Baltimore schools eliminate position of computer chief Amprey says Richburg ousted in 'reorganization'

November 12, 1996|By Jean Thompson | Jean Thompson,SUN STAFF

Baltimore school officials have dismissed the chief of their troubled computer department, barely a year after hiring him to build a new record-keeping system for special education services.

Craig Richburg is the second computer services supervisor in 15 months to lose that job, which has become a battleground in a legal dispute over the education of disabled students.

The new record-keeping system was to have been launched in September but remains incomplete, schools Superintendent Walter G. Amprey confirmed.

Richburg's $74,500-a-year job was eliminated Oct. 30 "in a reorganization," Amprey said. The school system's departments that manage student records and provide technology services for instruction are being merged.

"We need to find a director who has experience in both areas," Amprey said. He declined to comment further.

"It was totally unexpected," Jeffrey Nesson, Richburg's attorney, said yesterday. "He was told that he was not fit for the new position. He was not given the option of applying for any other position. He was told he would have the opportunity to clean out his desk."

Richburg could not be reached for comment.

School sources said Richburg's termination was the culmination of a string of management disagreements.

The computer department crisis has its roots in a 12-year-old federal lawsuit headed for court today. In that suit, advocates for disabled children charged that the school system failed to provide for or keep track of their educational needs.

Richburg, who now lives in Howard County, was hired in October 1995 to take over a troubled department that must serve two masters: special education and the broader school system. Sister Kathleen Feeley, the school systems' administrator for special education, hired Richburg; Amprey consented.

Richburg was put in charge of the department's 50 employees and a $9 million budget swollen by the demands of the new computer system, even though his resume shows he had no experience managing such a large organization. He was a self-employed contractor, his resume shows.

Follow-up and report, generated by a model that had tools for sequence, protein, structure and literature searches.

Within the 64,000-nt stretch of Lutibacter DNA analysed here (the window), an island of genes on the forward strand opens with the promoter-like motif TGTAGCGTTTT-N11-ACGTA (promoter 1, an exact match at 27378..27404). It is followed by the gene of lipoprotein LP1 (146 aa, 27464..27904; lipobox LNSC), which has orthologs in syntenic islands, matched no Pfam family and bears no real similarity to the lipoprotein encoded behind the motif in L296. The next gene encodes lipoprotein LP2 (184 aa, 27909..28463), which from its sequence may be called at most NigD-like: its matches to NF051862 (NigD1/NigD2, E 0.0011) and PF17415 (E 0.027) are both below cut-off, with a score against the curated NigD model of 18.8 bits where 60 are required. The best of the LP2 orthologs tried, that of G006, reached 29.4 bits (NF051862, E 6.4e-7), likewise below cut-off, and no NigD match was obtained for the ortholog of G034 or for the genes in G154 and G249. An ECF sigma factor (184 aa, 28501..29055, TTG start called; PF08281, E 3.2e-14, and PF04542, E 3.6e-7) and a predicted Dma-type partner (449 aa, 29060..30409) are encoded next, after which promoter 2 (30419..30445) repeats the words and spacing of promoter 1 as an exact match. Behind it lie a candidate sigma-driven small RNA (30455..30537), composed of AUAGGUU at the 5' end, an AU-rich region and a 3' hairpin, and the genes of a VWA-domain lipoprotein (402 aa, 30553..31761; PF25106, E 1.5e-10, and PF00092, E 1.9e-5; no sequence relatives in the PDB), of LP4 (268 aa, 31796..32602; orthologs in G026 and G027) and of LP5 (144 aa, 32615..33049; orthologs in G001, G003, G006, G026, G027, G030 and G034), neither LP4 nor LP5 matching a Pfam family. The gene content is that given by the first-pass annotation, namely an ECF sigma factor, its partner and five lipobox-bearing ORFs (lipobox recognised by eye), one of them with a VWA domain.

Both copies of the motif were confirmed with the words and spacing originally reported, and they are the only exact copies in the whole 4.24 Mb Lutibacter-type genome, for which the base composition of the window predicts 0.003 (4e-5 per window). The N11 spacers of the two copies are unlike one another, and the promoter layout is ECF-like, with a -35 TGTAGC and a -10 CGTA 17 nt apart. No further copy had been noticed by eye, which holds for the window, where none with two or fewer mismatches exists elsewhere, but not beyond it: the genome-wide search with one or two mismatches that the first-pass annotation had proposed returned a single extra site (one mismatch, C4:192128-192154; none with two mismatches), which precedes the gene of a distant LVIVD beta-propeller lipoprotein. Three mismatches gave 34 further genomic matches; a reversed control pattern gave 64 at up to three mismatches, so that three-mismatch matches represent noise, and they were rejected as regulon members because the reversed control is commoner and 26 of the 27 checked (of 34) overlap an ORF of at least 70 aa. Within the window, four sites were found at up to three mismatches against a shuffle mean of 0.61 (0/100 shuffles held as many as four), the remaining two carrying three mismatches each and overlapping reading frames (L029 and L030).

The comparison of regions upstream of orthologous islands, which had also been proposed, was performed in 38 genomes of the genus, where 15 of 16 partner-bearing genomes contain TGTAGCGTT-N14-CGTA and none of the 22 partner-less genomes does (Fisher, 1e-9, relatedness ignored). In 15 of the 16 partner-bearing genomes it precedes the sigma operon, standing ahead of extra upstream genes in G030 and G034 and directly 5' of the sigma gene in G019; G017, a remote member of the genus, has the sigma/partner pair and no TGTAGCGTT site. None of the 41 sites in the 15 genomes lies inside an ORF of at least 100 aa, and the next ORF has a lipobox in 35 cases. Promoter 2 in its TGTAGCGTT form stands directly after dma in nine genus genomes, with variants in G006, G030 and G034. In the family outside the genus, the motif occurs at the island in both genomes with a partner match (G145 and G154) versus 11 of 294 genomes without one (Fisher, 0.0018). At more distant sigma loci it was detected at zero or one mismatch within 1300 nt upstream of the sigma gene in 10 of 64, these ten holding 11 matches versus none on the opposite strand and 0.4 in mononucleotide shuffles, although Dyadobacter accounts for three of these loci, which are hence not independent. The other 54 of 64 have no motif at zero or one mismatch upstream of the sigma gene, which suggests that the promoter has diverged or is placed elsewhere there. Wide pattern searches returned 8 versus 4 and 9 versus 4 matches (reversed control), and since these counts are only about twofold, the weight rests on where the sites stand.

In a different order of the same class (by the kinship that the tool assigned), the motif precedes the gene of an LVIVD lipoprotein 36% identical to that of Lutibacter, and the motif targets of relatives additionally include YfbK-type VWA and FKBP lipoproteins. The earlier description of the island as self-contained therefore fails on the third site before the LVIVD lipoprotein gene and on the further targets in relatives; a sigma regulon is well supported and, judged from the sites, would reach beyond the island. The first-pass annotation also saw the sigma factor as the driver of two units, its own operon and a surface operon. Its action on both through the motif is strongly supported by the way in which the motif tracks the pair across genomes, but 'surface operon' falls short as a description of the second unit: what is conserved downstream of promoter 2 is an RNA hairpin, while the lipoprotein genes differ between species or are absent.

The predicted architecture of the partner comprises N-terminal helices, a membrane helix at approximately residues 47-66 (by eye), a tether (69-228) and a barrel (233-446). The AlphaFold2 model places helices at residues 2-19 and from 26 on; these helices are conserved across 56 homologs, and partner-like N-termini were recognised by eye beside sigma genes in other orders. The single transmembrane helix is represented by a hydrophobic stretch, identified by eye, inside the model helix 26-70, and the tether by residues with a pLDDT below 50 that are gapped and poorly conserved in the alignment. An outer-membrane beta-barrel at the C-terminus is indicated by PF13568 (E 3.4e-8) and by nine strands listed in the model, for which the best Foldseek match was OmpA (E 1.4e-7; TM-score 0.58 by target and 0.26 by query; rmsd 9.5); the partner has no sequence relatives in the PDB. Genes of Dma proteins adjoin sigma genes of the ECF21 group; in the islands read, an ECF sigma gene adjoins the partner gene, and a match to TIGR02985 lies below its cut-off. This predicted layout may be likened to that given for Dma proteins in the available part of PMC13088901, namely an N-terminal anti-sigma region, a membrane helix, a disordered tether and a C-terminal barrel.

This year, when the project fell behind schedule, a court order designated a computer consultant to serve as Richburg's boss and run the department to speed the project along.

Richburg's short tenure was marked by controversies, including an FBI inquiry that he claimed he was assisting; reports of hate mail directed to his office; and a defamation lawsuit filed against him by his predecessor in the job.

"They can derail me all they want; the process will continue," Richburg said in March, claiming that he was being harassed for bringing allegations of corruption in the department to the attention of federal authorities.

The inquiry concerns the school system's purchases of computer equipment and software design services between 1992 and 1995. School system employees interviewed by the FBI said they were asked whether co-workers had improper ties to companies with which they did business.

The FBI preliminary inquiry is still pending, an agency spokesman said Friday.

Richburg said he received unsigned hate mail from co-workers after he discussed the allegations on a March 14 television news program. A federal judge later issued a cease and desist order, instructing school officials and employees to cooperate with Richburg.

After the program, Richburg was sued by Terry Laster, the former computer department director whom he replaced. Laster claimed Richburg's allegations defamed him.

Laster left the computer department in September 1995 after special-education managers declared that the school system's computer designed to track special education case records, which he designed, was flawed and needed to be replaced.

Pub Date: 11/12/96

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